Trish – I agree with your replies to this article and Carol, I agree with your comments too. And while I disagree with some of Natasa’s points, a sample edit is definitely good advice, not only for the writer, but also for the editor to ascertain what type of editing is needed. Many new, inexperienced writers still ask for a ‘proofread’, only to discover what they actually need is a developmental edit. I also agree with Natasa’s point that a good rapport is crucial. As to the suggestion that an editor shouldn’t be working on seven to 10 books per month, well, I never work on more than two (although I do fit in other small projects for regular business clients – they break up the working day and help me to refocus). I don’t know how anyone could work on such a large volume of books effectively — or at all — unless they were very short books!
Excellent advice, Teymour. I’ll add this food for thought if I may… ANYONE CAN WRITE. Few people write well. Even fewer can tell a good story. IF YOU CAN TELL A GOOD STORY, and you’ve been working on a book but your writing skills are a little rusty, you need an editor who actually cares about your success, who cares about making your book the very best it’s capable of being. That usually takes an editor who instinctively goes above and beyond what’s expected. Every single author, every single story is unique. Each deserves the undivided attention of the editor.… Read more »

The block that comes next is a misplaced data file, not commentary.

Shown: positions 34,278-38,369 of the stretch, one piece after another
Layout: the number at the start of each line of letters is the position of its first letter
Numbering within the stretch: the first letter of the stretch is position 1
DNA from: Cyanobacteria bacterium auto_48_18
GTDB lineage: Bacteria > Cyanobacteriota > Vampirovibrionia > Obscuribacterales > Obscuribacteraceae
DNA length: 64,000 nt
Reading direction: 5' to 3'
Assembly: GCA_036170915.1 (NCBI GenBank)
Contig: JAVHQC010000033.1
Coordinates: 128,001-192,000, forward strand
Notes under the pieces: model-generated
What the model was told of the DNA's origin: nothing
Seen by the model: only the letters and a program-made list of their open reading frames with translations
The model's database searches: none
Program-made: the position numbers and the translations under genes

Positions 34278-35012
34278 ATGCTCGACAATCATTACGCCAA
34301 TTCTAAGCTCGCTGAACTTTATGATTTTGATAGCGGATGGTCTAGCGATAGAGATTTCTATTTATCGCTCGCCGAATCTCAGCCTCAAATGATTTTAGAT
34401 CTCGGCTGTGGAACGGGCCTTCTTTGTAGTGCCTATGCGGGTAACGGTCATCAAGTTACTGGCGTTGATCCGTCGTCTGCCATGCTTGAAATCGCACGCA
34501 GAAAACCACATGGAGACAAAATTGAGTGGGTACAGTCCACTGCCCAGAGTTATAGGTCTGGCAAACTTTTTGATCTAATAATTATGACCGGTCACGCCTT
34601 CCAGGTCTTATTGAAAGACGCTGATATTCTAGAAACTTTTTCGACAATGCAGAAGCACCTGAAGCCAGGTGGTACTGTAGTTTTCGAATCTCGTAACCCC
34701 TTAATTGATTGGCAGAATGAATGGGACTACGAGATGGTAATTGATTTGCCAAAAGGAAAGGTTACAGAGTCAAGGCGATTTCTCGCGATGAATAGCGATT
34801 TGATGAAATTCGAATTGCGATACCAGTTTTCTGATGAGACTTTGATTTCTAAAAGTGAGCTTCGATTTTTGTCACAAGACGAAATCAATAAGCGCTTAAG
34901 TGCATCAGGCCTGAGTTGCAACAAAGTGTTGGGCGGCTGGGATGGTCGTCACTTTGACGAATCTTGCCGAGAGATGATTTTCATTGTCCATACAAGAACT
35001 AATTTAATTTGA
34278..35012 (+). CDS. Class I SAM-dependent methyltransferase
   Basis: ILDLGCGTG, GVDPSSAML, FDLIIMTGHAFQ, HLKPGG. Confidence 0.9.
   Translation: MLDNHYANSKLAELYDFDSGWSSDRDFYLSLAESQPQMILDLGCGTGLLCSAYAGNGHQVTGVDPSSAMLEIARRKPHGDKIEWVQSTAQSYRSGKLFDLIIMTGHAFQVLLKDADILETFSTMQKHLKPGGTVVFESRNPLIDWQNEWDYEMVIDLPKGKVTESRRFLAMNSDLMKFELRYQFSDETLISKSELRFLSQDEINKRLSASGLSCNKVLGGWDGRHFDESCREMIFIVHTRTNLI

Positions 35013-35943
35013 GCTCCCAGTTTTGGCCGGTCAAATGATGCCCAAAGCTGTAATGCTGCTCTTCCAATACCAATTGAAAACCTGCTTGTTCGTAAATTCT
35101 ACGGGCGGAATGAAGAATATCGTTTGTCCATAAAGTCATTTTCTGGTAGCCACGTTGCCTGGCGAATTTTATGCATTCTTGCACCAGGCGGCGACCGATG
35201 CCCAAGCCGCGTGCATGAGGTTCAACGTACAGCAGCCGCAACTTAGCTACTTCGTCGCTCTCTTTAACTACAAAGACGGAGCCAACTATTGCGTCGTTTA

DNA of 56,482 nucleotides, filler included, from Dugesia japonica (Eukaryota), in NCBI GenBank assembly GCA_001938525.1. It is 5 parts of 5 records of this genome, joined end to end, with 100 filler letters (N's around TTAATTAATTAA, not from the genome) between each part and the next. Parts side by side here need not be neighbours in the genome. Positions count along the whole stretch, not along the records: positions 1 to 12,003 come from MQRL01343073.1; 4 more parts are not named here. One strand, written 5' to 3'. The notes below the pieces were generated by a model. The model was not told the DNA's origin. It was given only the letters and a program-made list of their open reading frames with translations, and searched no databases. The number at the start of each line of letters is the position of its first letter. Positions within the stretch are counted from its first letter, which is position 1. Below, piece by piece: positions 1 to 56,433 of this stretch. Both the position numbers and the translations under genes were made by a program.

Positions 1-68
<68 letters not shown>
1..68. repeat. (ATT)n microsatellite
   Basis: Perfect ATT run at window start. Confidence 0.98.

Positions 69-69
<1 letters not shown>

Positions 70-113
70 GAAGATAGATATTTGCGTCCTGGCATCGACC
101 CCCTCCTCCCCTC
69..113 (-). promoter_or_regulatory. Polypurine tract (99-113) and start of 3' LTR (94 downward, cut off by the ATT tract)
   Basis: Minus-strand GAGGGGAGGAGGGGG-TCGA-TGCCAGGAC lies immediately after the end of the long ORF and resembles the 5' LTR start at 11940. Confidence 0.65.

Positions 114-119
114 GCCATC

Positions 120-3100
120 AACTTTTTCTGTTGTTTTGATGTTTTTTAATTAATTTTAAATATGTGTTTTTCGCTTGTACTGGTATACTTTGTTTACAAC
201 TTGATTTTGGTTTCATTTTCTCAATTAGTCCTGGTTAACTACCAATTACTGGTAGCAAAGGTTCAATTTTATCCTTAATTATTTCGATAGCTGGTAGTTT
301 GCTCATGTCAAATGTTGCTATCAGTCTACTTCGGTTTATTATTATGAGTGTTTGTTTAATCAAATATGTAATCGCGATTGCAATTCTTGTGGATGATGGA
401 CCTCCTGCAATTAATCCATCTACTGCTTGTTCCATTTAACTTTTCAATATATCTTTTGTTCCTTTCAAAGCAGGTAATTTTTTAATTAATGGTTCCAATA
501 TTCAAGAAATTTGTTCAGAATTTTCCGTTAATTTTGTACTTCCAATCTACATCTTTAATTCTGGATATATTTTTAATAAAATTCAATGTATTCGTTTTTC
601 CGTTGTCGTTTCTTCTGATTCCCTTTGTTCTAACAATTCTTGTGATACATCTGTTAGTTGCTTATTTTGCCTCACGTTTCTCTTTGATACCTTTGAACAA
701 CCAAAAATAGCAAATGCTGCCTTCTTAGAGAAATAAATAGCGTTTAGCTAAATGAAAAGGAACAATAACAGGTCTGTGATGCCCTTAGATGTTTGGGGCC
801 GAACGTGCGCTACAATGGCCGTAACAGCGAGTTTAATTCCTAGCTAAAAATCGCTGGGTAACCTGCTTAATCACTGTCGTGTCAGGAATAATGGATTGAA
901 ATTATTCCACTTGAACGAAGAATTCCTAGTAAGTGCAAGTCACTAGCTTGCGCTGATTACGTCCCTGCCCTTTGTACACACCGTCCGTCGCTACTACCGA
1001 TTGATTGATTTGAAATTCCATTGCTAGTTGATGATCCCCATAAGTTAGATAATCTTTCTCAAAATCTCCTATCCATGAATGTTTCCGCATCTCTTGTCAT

I held the role of blogger and web content writer for a multimedia entertainment company before transitioning to freelance work. I have assisted many clients on projects ranging from product descriptions, to blog articles, to content editing. My areas of expertise are in science, fashion, travel, and yoga. I have also edited over 50 eBooks and can provide professional book descriptions.
Second, consider getting a critique before you decide whether you need to pay for a full copyedit. I (and probably many other editors) will read your manuscript and write a several-page critique for much less than the cost of a line-by-line edit, and if your mechanical skills are reasonably good, this may be sufficient to help you get it into adequate shape for your publication plans.